I’m in East Anglia, and have two hives, both of which came to me as nucs in very early May. One has built up really well, and is so populous that I think it will be ok with a super of food on (will remember to remove the queen excluder so she doesn’t get left in the brood box if the cluster moves up into the super). The other is doing ok, but is not quite as full. I shall leave that one without a super, I think, and put some fondant in. It’s too late to advise me not to take any honey off, I’m afraid…..the deed’s already done! I took about 7 lbs from the vigorous hive (feel really mean now) but nothing from the other hive. I suppose I could give it back, but like it on my morning toast too much! So….the focus now is on making sure my bees have enough stores to last through the winter.

    I feel much more confident now that I’ve asked that question. I’m a member of the local beekeeping group, but if you ask a question there you’ll get more different replies than there are people in the room! I just end up spinning round in confusion.

    Thank you Big Smile

    Nicky

    #2343
    Profile photo of ThePath
    ThePath
    Keymaster

    Hahaha dont feel mean, if its been a prosperous hive then taking a super is fine. Its sounds like they are doing well if they have another super for stores. Stick a bit of fondant on the top of the frames just incase though, this will give you a safety margin in Spring too.

    Beekeeping is funny like that, different things work for different people and there is so many techniques, hives, tools, not to mention bee types and temperament blah blah blah. A lot of it comes down to personal choice really, with a common sense approach.

    The main thing is that you enjoy it, the bees are healthy and the hive can survive for years to come and that you get some nice sticky honey or yer toast.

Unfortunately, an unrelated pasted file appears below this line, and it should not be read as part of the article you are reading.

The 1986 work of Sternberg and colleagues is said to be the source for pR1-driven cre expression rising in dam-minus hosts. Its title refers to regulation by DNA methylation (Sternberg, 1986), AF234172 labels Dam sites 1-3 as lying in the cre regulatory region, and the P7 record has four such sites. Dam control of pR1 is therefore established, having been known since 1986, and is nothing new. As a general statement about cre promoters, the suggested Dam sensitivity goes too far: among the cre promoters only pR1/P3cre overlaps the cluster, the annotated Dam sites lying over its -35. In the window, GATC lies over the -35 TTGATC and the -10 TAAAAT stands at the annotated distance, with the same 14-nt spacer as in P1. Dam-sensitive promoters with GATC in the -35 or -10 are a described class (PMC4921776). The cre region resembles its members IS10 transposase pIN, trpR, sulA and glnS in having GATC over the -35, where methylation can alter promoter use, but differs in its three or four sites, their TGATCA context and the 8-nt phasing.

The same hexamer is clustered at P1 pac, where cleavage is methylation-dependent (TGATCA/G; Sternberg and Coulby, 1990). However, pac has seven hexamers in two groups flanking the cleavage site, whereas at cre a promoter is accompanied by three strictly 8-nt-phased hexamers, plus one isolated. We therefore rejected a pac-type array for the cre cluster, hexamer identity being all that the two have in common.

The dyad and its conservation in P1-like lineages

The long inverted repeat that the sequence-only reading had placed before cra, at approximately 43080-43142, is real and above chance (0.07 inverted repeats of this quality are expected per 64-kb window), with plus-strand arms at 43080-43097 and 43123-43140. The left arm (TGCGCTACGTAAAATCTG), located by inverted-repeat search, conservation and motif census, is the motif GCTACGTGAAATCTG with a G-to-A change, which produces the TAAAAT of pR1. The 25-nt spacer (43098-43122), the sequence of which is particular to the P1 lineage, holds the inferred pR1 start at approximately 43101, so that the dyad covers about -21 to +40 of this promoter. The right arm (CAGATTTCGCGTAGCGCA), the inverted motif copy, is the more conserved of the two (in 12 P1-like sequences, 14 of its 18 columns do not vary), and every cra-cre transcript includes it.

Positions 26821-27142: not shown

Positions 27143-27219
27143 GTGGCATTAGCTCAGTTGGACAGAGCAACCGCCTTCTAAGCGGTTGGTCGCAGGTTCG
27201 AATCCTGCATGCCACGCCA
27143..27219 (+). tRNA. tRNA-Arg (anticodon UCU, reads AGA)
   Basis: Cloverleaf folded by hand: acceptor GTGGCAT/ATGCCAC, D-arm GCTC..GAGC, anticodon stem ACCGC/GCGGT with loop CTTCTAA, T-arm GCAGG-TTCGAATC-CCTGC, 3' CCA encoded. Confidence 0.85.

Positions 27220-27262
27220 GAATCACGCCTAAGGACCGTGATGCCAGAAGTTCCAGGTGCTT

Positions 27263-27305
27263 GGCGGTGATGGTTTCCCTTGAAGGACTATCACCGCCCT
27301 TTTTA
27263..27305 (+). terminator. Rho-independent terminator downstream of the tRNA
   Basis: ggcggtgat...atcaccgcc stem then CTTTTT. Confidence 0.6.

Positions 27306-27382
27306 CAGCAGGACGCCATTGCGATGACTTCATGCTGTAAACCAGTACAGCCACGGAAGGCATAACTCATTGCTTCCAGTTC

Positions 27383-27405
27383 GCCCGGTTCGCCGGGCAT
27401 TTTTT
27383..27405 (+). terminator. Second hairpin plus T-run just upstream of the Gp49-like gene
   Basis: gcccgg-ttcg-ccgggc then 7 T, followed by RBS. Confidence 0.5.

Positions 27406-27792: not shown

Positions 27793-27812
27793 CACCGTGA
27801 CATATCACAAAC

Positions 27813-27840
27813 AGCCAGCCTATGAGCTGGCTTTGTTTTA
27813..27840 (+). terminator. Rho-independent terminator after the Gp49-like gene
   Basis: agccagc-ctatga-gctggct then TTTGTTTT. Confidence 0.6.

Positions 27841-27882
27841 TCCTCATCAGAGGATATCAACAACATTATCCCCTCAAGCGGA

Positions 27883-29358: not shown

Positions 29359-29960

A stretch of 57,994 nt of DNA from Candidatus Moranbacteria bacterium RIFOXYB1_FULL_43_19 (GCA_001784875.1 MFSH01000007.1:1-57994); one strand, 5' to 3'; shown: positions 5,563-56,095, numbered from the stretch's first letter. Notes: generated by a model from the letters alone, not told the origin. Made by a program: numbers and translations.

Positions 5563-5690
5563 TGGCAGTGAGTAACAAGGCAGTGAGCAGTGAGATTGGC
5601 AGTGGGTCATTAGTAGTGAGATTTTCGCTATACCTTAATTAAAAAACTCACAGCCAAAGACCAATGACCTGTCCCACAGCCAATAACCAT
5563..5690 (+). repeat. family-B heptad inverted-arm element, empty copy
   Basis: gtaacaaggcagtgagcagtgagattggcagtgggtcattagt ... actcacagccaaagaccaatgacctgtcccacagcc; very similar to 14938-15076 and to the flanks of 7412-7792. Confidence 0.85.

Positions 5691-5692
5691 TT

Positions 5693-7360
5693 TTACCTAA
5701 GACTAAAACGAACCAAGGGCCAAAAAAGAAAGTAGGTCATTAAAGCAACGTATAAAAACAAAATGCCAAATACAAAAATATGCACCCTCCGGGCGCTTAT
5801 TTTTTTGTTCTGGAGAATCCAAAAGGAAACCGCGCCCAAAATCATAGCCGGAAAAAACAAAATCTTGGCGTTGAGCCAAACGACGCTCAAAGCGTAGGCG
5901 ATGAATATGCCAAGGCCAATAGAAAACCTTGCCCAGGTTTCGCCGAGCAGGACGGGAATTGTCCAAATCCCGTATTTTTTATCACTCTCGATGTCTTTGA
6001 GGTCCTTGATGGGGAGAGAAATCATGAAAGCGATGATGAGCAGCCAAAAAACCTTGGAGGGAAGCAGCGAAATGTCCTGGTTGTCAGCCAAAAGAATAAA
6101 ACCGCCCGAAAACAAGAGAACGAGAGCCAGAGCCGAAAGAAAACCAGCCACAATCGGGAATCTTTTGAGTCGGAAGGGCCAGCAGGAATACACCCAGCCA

If you are in East Anglia then the weather wont be that much different from up here, bit milder but youve had some bad snow too I reckon.

    So make sure you are all prepared for the Winter.

    Meant to ask do you use mesh floors?


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    #2344

    Hi!

    Yup, mesh floors. National hives, currently mid-shin height off the ground with good air flow underneath. Erratic weather, and large local population of woodpeckers, but that’s another story!

    Bee

    #2345
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    ThePath
    Keymaster

    Cool mesh floors are the best from my experience.

    Mesh floors are great for a number of reasons one being if its open underneath your hive with good ventillation you dont have to worry so much about clearing snow from the entrance.

    I also meant to say remember your mouseguards! Should be putting them on soon.Dude


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    #2346

    You say feed with APIFONDA or similar. This comes in 2.5kg polythene bags. OK, place them on top of the brood frames, or in a skep just above the brood frames. Question, If you leave the APIFONDA in the bag, how big a hole do you make in the bag, and do you make the hole underneath, or on top. If you make it underneath, will the APIFONDA just drip out?

    #2347
    Profile photo of ThePath
    ThePath
    Keymaster

    Hi Bob, Take it all out of the bag it should be fairly solid stuff which you can shape, kinda like dough. So simply take it out of bag and squish on top of frames. It should not drip!

    You dont have to use Apifonda, you can make a fondant up yourself. Although the Apifonda stuff does have extra ingredients you may not be able to find.Dude